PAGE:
This course is designed to help students develop an understanding of addictions from an eco-systems perspective. The addictive process and recovery will be studied, including the reciprocal interaction between addicted individuals and the various social systems of which they are a part. Students will examine substance abuse and behavioral compulsions, including alcohol and other drugs, smoking, compulsive gambling, eating disorders, and sexual addictions. There will also be a focus on diversity in addicted populations, the business of drugs, and prevention. Attention will be given to biological and genetic factors in the etiology of addiction, family issues, and community responses. The consequences of addictions will be studied at the individual, family, community and societal levels. This course will draw on current research in the field of addictions, and will emphasize critical thinking, and analysis of the current controversies in the field.
Prequisite: PSY101

HUMELE Humanities Elective 3  
MAT112 Applied University Mathematics 3

This course is designed for diverse students to acquire a solid foundation in non-calculus mathematics. It uses practical mathematics to develop problem solving and analytical skills. Topics include linear equations, linear inequalities, matrix and its application, linear programming, and the simplex method.
Prerequisite: MAT 104 or appropriate placement test score

MAT120 Statistics 3

This is an introduction to the basic descriptive and inferential statistics for students from all disciplines. It emphasizes the development of statistical literacy and the use of computer for analyzing data. Topics include principles of experimental design; graphical and numerical methods for summarizing, describing, exploring and analyzing data; binomial and normal probability distributions; point and interval estimates for means and proportions; hypothesis testing; and correlation and regression.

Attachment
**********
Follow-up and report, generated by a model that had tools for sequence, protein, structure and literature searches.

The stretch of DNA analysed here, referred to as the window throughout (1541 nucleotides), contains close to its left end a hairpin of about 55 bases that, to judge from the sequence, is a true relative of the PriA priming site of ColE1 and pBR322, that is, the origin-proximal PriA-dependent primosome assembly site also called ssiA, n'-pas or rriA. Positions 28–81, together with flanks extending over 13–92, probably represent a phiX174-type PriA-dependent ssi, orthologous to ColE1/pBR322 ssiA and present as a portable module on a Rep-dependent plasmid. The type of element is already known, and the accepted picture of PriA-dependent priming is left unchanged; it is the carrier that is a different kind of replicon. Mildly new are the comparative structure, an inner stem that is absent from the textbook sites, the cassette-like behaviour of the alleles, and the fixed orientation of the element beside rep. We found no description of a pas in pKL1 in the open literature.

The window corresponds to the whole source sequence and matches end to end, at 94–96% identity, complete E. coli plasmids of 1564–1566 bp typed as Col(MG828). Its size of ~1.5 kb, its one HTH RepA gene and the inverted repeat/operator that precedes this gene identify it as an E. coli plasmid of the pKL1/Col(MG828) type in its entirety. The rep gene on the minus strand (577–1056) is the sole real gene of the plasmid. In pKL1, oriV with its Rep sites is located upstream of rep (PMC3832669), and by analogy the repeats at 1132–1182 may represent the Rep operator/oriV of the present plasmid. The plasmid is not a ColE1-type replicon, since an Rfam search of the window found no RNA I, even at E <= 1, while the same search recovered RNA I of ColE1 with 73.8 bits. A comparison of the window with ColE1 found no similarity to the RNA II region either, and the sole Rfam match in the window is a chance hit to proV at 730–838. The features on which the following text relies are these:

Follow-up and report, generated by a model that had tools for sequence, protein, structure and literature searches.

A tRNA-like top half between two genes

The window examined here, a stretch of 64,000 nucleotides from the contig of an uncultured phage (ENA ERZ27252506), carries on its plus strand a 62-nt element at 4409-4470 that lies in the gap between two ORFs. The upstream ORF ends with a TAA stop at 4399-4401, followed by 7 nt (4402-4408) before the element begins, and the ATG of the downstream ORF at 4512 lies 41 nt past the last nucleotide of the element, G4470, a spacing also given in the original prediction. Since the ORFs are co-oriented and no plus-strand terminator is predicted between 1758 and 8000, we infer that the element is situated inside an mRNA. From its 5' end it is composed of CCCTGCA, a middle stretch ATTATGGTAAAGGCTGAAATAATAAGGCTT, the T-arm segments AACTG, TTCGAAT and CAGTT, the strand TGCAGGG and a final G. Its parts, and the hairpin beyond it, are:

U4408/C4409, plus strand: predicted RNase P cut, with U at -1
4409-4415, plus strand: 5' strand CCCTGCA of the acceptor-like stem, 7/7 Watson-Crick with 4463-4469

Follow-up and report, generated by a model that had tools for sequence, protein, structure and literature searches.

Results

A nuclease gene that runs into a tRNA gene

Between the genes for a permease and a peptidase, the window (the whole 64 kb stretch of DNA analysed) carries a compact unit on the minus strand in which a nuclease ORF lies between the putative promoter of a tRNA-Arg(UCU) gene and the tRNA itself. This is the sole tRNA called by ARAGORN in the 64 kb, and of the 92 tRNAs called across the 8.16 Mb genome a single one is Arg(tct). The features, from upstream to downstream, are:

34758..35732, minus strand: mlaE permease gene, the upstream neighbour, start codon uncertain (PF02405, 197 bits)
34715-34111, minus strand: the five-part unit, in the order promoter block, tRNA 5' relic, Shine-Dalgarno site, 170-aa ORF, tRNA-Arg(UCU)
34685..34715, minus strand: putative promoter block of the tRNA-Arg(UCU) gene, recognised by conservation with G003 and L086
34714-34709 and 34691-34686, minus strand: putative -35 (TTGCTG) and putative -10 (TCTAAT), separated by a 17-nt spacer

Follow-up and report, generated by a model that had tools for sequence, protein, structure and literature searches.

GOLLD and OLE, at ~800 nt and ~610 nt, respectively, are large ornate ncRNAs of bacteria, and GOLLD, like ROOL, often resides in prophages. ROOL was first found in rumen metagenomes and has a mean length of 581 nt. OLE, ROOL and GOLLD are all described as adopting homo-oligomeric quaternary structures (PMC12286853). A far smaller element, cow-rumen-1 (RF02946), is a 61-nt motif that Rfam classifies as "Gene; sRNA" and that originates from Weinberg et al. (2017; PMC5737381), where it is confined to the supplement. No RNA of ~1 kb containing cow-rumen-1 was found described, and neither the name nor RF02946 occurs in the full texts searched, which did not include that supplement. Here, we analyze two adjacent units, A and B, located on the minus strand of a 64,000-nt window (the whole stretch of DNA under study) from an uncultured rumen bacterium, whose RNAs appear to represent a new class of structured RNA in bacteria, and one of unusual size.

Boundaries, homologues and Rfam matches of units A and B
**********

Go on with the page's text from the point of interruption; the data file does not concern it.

Offered both semesters

PSY101 Introduction to Psychology 1 3

Using an active learning approach, students will explore psychological perspectives and methods as explanations for human behavior and mental processes. Other topics include: neurophysiology, consciousness, learning, personality theories, and psychological disorders.

PSY206 Adolescent & Adult Development 3

This course surveys how people develop and change from the onset of adolescence through late adulthood. Different theoretical perspectives and contemporary information relating to the physical, social, emotional, and cognitive realms are examined.
Prerequisite: PSY 101
Offered in the fall semester only

PSY240 Abnormal Psychology 3

This course explores a wide range of personality, behavioral, and cognitive disorders. The symptoms, etiology, and dynamics of various disorders are studied, and a variety of therapeutic theories and techniques are discussed.
Prerequisite: PSY 101
Offered in the spring semester only

PSY321 Theories of Personality 3

This course investigates the major personality theorists from Freud to more recent and contemporary theorists like May and Rogers. Emphasis is placed on the critical evaluation and practical application of each theory reviewed.
Prerequisite: PSY 101 and junior or senior status
Offered in the spring semester only

PSY323 Behavioral Research Methods 3

This course introduces the student interested in human behavior to experimental design procedures emphasizing methodology, data collection techniques, and critical evaluation of research practices.
Prerequisites: ENG 124, MAT 120